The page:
A machine complicated in mechanism, taking a long time to clean and put together, should be discarded. It is a danger to be got rid of. If good choice cream is not delivered at the butter factory, then only blame the management at the milking establishment. These machines, like the separator, have come to stay, and I look to the time, not far distant, when still further improvements will be effected in them, and that when the smartest dairyman will have his milking carried out by a machine which will still further to do away with what is usually described as the drudgery of the dairying industry. The first milking machine the writer installed, he had eventually to discard, although it milked 60 cows in 60 minutes, yet it was so difficult to clean, taking too much time, and then again it was too severe from excessive pressure on the cow's teats.
In continuation of my notes, and dealing with the milking machine, I would like to point out to any dairy man supplying cream to the Tumut butter factory that should he frequently have his cream graded second; class, then the probable cause is the neglect of thoroughly cleaning and sterilising all parts with steam or boiling water.
When the milk leaves the udder of the cow it is, or ought to be, free from all germ infection if the udder of the cow is thoroughly washed, dried and cleaned. The milk in this pure state travels to the milk vat, and there it is protected from flies (probably one of the greatest enemies the dairyman has to contend with) by a suitable fly or gauze protection. Soon again the cream is separated from the milk, and when so separated the sooner the cream has the animal heat removed the longer the cream will keep in it and suitable for butter making, if kept under favorable conditions. Some of these aids are mechanical coolers.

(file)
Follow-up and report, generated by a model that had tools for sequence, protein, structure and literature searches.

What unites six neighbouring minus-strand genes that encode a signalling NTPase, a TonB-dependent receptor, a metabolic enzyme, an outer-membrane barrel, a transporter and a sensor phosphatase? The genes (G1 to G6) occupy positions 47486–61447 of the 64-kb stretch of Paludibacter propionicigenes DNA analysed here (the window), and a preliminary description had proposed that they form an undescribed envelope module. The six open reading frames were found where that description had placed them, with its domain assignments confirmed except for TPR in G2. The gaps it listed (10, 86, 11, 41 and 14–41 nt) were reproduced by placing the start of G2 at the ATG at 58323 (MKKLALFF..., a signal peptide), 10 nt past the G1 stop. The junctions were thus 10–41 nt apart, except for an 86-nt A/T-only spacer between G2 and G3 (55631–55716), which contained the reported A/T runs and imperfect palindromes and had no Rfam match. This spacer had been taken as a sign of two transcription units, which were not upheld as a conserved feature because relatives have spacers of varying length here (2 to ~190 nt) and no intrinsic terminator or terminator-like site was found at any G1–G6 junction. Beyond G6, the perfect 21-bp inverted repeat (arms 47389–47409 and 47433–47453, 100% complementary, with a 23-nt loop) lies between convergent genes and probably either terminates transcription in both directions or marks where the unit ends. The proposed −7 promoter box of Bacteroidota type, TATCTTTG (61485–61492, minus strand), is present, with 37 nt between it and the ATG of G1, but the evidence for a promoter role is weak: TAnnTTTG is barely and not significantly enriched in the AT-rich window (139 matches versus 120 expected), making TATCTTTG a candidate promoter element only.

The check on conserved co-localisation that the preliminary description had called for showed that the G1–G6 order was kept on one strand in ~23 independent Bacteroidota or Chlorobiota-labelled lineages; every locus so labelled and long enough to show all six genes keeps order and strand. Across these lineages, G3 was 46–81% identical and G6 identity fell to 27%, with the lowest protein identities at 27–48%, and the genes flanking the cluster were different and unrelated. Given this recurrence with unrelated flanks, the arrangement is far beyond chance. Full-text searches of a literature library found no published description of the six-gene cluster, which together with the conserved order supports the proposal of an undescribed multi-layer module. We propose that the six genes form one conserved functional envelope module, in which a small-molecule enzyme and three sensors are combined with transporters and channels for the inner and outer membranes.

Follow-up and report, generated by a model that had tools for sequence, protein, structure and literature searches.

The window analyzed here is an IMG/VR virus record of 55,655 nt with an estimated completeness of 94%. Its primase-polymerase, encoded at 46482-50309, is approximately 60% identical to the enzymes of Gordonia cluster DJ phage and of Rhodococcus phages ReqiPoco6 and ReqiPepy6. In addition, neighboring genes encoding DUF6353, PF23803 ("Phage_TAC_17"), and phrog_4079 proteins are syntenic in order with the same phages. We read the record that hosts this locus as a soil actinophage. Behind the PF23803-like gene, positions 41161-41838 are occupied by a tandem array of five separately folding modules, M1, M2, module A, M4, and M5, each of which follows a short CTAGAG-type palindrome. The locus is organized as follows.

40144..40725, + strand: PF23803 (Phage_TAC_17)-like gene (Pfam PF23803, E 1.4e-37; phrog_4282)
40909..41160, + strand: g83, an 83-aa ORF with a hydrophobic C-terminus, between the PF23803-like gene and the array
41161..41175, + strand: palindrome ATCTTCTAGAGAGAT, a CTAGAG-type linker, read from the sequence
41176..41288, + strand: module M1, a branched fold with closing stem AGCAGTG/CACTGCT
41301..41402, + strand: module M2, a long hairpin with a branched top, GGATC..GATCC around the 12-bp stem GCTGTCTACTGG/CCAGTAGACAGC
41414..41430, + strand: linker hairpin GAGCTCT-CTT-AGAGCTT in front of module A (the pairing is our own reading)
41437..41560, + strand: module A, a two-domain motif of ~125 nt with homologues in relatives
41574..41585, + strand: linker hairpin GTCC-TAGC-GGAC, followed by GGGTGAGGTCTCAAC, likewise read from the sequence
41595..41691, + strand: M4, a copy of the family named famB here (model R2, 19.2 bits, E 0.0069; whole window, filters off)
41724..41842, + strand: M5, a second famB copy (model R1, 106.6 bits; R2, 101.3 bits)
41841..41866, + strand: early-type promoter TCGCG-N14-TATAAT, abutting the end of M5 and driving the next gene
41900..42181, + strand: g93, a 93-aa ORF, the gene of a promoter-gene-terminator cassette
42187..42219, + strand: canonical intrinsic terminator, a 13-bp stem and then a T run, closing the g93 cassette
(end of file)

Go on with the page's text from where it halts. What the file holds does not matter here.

One simple way is to stand the cream in a vat of underground well water, and many of these wells are on all farms in the Tumut district. The writer has such, the water from which in the hottest day in summer, will be 68 degrees, while an adjoining creek is 96, running by. As I have mentioned, when the milk comes direct from the cows, it is pure and free of germs. The latter are frequently the cause of sickness, as is the case in bottle-fed infants. In a long experience of sickness in infants, I cannot remember an infant fed on the mother's breast getting sick, yet I have had no end of anxiety in trying to free an infant of disease, the latter poisoned by such disease germs contaminating milk. With a high temperature in a hot Australian summer, no dairyman can give too much attention to keeping his cream until it gets to the factory at as low a temperature as possible, together by aerating the cream by frequent stirring.
All kinds of micro-organisms thrive and multiply by millions if the temperature is favourable. All are destroyed at a high heat, as is done by the pasteurising machines, and again germs are not developed at a freezing temperature. It is advisable for the dairyman, when delivering his cream to the butter factory to envelope his cream can with wet bagging. This lowers the temperature of the cream quite ten degrees. It is just on the same principle as the cold water can vas bag. Evaporation, from a wet surface as the wet canvas in a breeze produces cold, which protects the cream in the cream can; then the latter being metal, exposed to heat and the sun has a bad influence on the cream contents, and in this way sometimes the grader is compelled to grade second class.
The up to date machinery in the Tumut butter factory, which will compare with any in any country, assures the local suppliers of making a butter of the highest quality, which cannot be excelled by any other country in the world. The present management and the directors are quite competent to give to the supplier the highest price for his cream, and it is a duty this sup plier has imposed on him to do his part in sending in only the highest class cream.